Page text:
It is important for the Competition Authority to focus on enforcement. In the record of the debates involving my predecessor at this committee, I read of concerns that the Competition Authority was not doing enough to bring enforcement proceedings. It is very difficult to ask the Competition Authority to enforce criminal law against price fixing if we have in place a regulatory regime which gives formal approval to price fixing to preserve margins in a sector. The retail grocery sector has had and will have certain challenges but I want the joint committee and the public to understand that those challenges cannot be met simply by ratifying a price fixing regime.
Many figures were bandied about during the debate on the groceries order and I understand that people may treat what I say with some scepticism. The Competition Authority, as can be seen in the presentations I have made to this committee, has focused on the transparent CSO data which indicate that since the abolition of the groceries order, overall prices have come down, albeit perhaps only slightly, and items formerly covered by the groceries order have stayed significantly below the rate of inflation. I do not draw sweeping conclusions from that, as embedded in the prices of products are a number of different factors, some of which are completely beyond our control.
However, the abolition has brought about downward pressure on prices and that is not simply my opinion. A press release of January 2007 from the CSO came to a similar conclusion. I agree with the Director of Consumer Affairs that we may not have seen as vigorous price competition as we would have liked. The groceries order was in place for 18 years and it may take a bit of time before competition fully develops. Competition has always been driven by innovation and that has possibly not come about yet.
I sincerely hope we live in a post-groceries order world and accept the order as being more analogous to a prices commission than to a policy expected of a modern economy.
I agree with Mr. Prasifka's call to move the debate forward. When one does so one must learn from past experience and, when a policy decision is made based on certain claims unsubstantiated by research, he should expect members of this committee to have something to say about it.
I am not surprised there have been no new entrants to the market because they would have difficulties. Mr. Prasifka did not issue any questionnaire to suppliers as part of the monitoring of the food industry. Suppliers have not been engaged with as part of the process but it would be worthwhile to do so. Much information would be forthcoming which the Competition Authority would not otherwise get. Suppliers will not make complaints because they live in fear but the Competition Authority should dig a little deeper for it. There is evidence of long-term agreements and promotional contracts which are completely anti-competitive and distort the market, contributing to higher prices for the consumer than should be the case.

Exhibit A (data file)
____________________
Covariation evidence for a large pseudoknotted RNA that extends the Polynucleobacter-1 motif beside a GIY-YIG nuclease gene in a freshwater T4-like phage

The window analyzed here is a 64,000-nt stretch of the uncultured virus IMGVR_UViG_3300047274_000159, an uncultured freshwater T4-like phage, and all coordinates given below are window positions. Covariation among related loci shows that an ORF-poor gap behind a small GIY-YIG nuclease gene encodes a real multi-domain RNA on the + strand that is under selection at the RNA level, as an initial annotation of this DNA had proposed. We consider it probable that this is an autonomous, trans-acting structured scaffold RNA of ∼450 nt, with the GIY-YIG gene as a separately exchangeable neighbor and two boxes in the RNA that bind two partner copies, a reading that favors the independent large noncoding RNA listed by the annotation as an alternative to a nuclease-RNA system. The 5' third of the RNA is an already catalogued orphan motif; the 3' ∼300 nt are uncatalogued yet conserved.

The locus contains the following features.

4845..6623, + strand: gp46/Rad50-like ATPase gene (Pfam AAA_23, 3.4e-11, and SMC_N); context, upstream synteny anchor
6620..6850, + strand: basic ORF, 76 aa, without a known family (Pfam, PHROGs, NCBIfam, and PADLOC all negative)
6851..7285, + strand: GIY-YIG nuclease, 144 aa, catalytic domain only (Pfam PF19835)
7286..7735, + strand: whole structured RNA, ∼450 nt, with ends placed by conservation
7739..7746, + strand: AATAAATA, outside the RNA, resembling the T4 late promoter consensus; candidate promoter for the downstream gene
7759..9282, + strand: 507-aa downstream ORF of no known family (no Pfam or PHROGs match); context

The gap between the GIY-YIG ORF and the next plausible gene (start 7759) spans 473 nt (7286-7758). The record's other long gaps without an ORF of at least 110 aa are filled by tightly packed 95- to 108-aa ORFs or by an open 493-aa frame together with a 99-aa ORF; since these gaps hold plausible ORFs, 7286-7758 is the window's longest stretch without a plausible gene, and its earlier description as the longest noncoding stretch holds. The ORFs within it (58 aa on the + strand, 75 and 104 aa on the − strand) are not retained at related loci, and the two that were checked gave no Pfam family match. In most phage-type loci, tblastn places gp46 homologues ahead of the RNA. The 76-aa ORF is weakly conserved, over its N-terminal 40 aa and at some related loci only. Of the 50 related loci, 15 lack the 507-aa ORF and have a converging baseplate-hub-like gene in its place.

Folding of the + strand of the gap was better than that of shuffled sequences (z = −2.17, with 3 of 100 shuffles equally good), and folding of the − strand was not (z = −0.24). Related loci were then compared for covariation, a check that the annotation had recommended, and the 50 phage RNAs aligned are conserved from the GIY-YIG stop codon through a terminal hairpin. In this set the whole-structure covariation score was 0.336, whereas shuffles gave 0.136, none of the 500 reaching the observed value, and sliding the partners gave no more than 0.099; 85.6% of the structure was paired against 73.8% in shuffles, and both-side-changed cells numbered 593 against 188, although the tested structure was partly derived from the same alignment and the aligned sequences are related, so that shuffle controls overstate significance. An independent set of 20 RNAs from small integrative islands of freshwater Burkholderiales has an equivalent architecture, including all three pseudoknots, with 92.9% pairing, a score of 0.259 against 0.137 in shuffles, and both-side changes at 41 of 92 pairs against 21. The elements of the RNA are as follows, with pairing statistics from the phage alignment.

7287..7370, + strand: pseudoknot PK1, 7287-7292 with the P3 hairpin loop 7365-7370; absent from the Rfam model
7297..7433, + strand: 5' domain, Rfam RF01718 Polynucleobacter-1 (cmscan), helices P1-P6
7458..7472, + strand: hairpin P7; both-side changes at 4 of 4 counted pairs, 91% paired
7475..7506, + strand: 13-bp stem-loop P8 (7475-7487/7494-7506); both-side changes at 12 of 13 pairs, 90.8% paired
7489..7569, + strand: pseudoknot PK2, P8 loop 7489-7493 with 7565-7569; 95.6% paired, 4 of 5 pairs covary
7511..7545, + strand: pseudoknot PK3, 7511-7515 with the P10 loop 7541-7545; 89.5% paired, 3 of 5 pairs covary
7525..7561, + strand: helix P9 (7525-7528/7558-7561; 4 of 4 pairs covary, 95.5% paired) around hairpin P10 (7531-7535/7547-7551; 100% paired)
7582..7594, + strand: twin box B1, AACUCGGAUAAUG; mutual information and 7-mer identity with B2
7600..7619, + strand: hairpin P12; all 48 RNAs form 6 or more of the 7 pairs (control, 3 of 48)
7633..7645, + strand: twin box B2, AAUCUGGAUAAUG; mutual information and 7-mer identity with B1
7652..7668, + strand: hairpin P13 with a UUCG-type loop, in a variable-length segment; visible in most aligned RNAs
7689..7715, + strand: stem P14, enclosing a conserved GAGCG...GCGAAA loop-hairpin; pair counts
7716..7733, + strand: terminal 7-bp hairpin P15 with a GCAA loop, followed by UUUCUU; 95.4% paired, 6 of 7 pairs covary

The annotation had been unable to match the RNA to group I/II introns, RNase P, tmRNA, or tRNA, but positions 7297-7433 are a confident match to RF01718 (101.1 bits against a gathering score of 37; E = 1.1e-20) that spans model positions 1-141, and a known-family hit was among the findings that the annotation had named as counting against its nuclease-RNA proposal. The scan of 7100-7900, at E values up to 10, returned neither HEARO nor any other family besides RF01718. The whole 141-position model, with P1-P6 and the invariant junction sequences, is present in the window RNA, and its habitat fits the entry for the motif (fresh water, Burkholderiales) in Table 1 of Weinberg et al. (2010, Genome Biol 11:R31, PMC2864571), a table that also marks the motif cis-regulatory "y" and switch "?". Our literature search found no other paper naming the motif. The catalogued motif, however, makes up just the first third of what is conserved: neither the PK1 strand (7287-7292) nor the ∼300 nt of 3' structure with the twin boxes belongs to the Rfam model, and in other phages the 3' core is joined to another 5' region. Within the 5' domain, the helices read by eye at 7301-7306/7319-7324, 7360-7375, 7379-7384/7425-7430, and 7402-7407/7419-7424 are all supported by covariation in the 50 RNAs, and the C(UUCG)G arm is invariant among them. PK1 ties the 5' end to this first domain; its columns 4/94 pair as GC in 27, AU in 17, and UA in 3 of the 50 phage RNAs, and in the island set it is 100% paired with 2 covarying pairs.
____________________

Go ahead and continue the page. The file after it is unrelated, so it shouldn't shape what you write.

The questionnaire should be extended to the widest possible market rather than just concentrated on retailers and wholesalers. I am glad Mr. Prasifka did not try to justify what his predecessor said about savings to the consumer because the evidence suggests the latter was engaged in bingo economics. That is fine but it is not a basis for a policy of this joint committee, which takes its business seriously and wants to see consumers benefit from savings, rather than retailers. We have made our point very well and we are moving on.
We have legislation that will establish the National Consumer Agency on a statutory basis in the near future. In my correspondence with the Commission for Energy Regulation, it has been indicated that if the price increases — some 21% for electricity and 34% for gas — had not been granted last September, the CER could have been accused of condoning below-cost selling on energy. That is absolute nonsense and I will pass that correspondence along.
Subsequently we discovered that a mistake was made on the level of increase granted for energy prices. There was much publicity about a 10% reduction in prices, but this was a reduction on the original 34% increase in the price of gas and 21% increase in the price of electricity.
The National Consumer Agency will have to play a role in exposing this type of nonsense evident with regulators. They are not doing their job properly, particularly in the energy area, and are driving small businesses to the wall. They are certainly engaging very seriously with companies that are reviewing their global operations here because of the high cost of doing business here.